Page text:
Europe's largest low-priced carrier has faced a string of strikes since it recognised trade unions for the first time in December, damaging bookings and forcing it to consider cutting short-term growth plans if labour unrest continues.
It had initially cancelled 190 flights ahead of action by cabin crew in Spain, Belgium, Holland, Portugal, Italy and Germany.
Unions claim this is the biggest day of action yet against a series of complaints about conditions by Ryanair workers in a raft of countries.
Ryanair took the decision to cancel almost 100 further flights today after German pilots announced strike action at the last minute.
It has rejected calls by the UK's Civil Aviation Authority to compensate passengers whose flights have been cancelled, claiming they were caused by "competitor airline crew, unions and lobby groups" and were therefore "extraordinary circumstances".
Ryanair said the action was taking place in six of its 37 markets and that most of its 400,000 passengers would not be affected.
They want to be given contracts in the countries where they live, rather than under Irish law which they say inconveniences them and affects their ability to access things such as social security benefits. "I made this very clear to Mr O'Leary today", Thyssen said in a statement after a meeting between Ryanair's combative chief executive Michael O'Leary and European Union officials.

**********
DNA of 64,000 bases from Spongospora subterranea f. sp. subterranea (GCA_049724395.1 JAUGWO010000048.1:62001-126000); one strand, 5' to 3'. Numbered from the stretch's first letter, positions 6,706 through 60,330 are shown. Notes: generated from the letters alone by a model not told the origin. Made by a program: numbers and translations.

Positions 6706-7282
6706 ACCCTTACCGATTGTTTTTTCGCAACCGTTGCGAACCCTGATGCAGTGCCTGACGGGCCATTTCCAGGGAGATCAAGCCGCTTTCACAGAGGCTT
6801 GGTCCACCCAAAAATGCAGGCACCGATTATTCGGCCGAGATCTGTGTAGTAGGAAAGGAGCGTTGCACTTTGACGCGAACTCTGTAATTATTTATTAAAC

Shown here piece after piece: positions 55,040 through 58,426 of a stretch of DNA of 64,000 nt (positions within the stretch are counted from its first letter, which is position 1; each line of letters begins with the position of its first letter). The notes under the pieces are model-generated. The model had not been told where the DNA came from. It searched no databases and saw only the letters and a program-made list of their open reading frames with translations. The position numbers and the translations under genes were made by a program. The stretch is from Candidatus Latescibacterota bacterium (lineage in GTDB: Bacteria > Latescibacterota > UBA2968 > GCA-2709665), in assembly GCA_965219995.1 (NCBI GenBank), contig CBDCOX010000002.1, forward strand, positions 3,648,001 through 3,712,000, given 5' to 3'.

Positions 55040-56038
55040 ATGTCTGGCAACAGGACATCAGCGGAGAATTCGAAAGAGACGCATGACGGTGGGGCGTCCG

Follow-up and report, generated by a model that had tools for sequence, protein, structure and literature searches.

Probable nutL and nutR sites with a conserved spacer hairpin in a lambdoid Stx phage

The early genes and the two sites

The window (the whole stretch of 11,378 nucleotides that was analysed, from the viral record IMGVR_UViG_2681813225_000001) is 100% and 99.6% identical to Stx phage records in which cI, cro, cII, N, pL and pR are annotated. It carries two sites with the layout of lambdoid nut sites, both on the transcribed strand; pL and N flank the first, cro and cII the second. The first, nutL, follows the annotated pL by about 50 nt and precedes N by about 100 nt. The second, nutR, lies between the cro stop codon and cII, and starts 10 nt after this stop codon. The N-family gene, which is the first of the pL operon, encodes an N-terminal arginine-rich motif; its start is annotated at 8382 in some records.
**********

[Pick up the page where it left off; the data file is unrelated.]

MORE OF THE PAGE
In Portugal, 13 morning flights were cancelled and in the Netherlands, 14 of 22 flights were cancelled.
"If need be, there will be further strikes".
However passengers are being advised to check with the airline if they believe their flight is cancelled.
The Dutch union VNV said it was seeking to take legal action to prevent Ryanair from bringing pilots in from overseas to replace striking Dutch crews. The European Commission said that Ryanair is obliged to follow European laws, de facto supporting the strikers.
On Thursday, the airline said it would base two aircraft in Bordeaux and two more in Marseille, using the airports as a hub to add 27 new routes to its northern summer 2019 schedule.
"Respecting EU law is not something over which workers should have to negotiate, nor is it something which can be done differently from country to country".
Ryanair, which now has 86 bases, aims to fly 200-million passengers per year by 2024, up from a forecast of 139-million in 2018.